What are we looking for?
The recent cannabis craze is starting to cool down, with cannabis stocks seeing both immense gains and losses in a two-year hype/crash cycle.
Average cannabis returns, year to date (excluding a few outliers), stand at minus 16.7 per cent at time of writing. These losses come at a time when we see widespread cannabis legalization, rising sales and players becoming increasingly efficient – which suggests a possible entry point for the longer-term investor to start considering cannabis for their portfolio as market hype cools and more reasonable valuations emerge.
We used FactSet to look at the constituents of the Horizons Medical Marijuana Life Sciences exchange-traded fund (HMMJ), which tracks 63 of the key players in the cannabis space. It is important to note that not all companies have analyst coverage in such a young industry, which may leave some gaps in the data that we can observe.
However, with the information we have, we selected the following screening criteria:
- Positive EBITDA forecast by analysts for 2020 – a positive figure shows companies that are leaders in expected profitability (EBITDA stands for earnings before interest, taxes, depreciation and amortization);
- Cost per gram that is below the industry average – this figure indicates that a company’s internal processes are efficient relative to peers;
- Price-to-sales ratio that is below the industry average – this figure indicates that a company’s current revenue is not overvalued relative to peers.
- Sales of at least 10,000 kilograms of cannabis in the 2019 fiscal year – a high sales volume shows a company has already cultivated relationships and consumer reach in the industry.
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What we found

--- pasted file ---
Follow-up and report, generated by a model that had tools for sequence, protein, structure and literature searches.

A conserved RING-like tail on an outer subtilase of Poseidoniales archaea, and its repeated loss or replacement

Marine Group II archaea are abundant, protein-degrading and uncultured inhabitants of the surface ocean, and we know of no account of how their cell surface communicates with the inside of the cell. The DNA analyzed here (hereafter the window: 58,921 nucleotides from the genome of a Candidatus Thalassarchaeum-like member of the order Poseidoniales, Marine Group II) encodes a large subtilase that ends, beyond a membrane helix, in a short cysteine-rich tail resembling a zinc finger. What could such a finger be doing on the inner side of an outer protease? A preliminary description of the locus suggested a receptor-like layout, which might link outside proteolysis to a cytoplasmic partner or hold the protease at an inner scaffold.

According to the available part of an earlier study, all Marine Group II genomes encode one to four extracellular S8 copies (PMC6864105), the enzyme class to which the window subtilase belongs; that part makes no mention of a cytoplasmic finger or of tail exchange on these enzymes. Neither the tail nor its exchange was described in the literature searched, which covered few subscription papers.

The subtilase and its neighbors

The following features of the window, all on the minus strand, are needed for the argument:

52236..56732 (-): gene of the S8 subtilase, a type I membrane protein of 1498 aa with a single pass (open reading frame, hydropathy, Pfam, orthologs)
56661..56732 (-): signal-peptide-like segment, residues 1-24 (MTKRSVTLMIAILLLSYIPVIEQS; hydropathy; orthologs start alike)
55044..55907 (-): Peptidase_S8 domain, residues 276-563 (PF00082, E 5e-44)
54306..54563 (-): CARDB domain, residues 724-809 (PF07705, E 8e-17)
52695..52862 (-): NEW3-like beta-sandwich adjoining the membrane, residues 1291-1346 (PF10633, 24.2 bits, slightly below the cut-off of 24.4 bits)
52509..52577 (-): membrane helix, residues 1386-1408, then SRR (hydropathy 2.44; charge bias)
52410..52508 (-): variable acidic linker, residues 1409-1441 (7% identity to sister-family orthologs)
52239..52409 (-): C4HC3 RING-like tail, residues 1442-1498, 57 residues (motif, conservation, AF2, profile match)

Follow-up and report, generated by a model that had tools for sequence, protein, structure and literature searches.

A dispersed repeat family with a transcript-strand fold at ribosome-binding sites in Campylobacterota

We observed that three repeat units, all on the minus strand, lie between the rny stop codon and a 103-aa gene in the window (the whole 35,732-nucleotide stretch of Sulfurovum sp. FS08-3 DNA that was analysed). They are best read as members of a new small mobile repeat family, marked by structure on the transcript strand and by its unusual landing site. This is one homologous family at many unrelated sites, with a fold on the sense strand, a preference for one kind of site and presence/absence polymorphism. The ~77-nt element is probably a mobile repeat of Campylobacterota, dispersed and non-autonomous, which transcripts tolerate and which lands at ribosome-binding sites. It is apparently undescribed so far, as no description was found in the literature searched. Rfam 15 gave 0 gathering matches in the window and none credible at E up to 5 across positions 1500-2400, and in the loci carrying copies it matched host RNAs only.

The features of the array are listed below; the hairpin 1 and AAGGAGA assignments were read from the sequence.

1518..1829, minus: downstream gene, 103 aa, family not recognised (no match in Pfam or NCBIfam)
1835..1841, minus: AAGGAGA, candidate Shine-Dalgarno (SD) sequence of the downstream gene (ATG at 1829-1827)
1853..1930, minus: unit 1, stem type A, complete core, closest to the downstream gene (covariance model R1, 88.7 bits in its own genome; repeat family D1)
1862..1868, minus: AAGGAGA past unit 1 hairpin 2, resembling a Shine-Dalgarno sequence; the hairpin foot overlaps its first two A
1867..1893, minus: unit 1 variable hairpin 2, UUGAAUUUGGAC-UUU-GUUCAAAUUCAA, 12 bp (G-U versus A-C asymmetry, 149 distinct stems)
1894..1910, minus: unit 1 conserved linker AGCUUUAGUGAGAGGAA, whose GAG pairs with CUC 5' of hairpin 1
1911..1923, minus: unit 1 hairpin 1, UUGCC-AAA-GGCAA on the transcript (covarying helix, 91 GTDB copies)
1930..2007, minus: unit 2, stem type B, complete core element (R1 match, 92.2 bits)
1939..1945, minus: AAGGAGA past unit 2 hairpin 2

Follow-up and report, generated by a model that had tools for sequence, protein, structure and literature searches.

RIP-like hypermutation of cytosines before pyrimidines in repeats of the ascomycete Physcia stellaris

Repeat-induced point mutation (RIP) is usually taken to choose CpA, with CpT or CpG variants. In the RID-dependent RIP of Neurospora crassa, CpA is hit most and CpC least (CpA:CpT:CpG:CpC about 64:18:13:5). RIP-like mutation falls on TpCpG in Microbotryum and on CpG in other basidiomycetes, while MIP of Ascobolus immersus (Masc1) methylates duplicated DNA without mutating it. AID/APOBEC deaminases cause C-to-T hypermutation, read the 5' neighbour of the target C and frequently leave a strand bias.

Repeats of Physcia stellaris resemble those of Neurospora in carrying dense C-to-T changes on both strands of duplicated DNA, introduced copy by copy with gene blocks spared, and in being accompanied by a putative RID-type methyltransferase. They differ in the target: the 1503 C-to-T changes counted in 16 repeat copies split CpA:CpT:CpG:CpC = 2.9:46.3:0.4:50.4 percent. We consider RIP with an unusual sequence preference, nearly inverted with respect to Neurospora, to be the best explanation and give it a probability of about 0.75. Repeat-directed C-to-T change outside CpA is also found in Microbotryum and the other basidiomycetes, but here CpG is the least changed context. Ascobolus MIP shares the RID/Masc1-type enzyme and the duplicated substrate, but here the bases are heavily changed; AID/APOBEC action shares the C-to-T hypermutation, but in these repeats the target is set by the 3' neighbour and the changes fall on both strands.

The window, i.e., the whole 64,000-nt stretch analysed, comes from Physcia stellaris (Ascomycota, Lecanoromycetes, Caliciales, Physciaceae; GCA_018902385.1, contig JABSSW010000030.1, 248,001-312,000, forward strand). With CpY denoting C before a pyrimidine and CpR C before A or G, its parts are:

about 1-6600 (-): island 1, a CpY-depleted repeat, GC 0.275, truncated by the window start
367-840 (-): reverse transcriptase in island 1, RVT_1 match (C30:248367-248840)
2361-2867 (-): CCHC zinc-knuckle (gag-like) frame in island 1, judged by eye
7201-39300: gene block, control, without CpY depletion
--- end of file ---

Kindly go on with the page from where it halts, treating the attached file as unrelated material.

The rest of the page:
Four companies fulfilled the above criteria when using the FactSet universal screening tool.
One of the largest names in the industry, top-ranked Aphria Inc. came under fire last year owing to an accusation of a useless asset purchase overseas. Aphria spent months refuting this claim and proving that the assets were in fact operational, but the stock initially fell about 55 per cent. With the company having cleared its name, the stock now stands at minus 8.8 per cent year to date. Aphria now boasts one of the lowest costs per gram in the industry, at $1.98.
Aurora Cannabis Inc., ranked over all at No. 2, offers a cost of $2.80 a gram and has one of the largest market caps in our peer group. Aurora has been operating steadily for a couple of years now and the stock’s return sits at minus 11.4 per cent year to date.
In third spot, OrganiGram Holdings Inc. has a low cost of $2.33 a gram and has a year-to-date return of minus 1 per cent. OrganiGram is also the smallest-cap company on our list while still boasting larger sales than most of the 63 firms included in the HMMJ fund.
Finally, Hexo Corp. has a cost at $2.50 a gram. Hexo is also the only company to see a stock price gain on our list year to date because of its above-average business fundamentals.
These companies’ ability to achieve above-average efficiencies, while maintaining below-average price-to-sales ratios, suggest they could be well suited to investors looking for exposure to the cannabis industry.
The information in this article is not investment advice. FactSet assumes no liability for any consequence relating directly or indirectly to any action or inaction taken based on the information contained below.
Zack Mattin is a Canada banking and brokerage consultant at FactSet.
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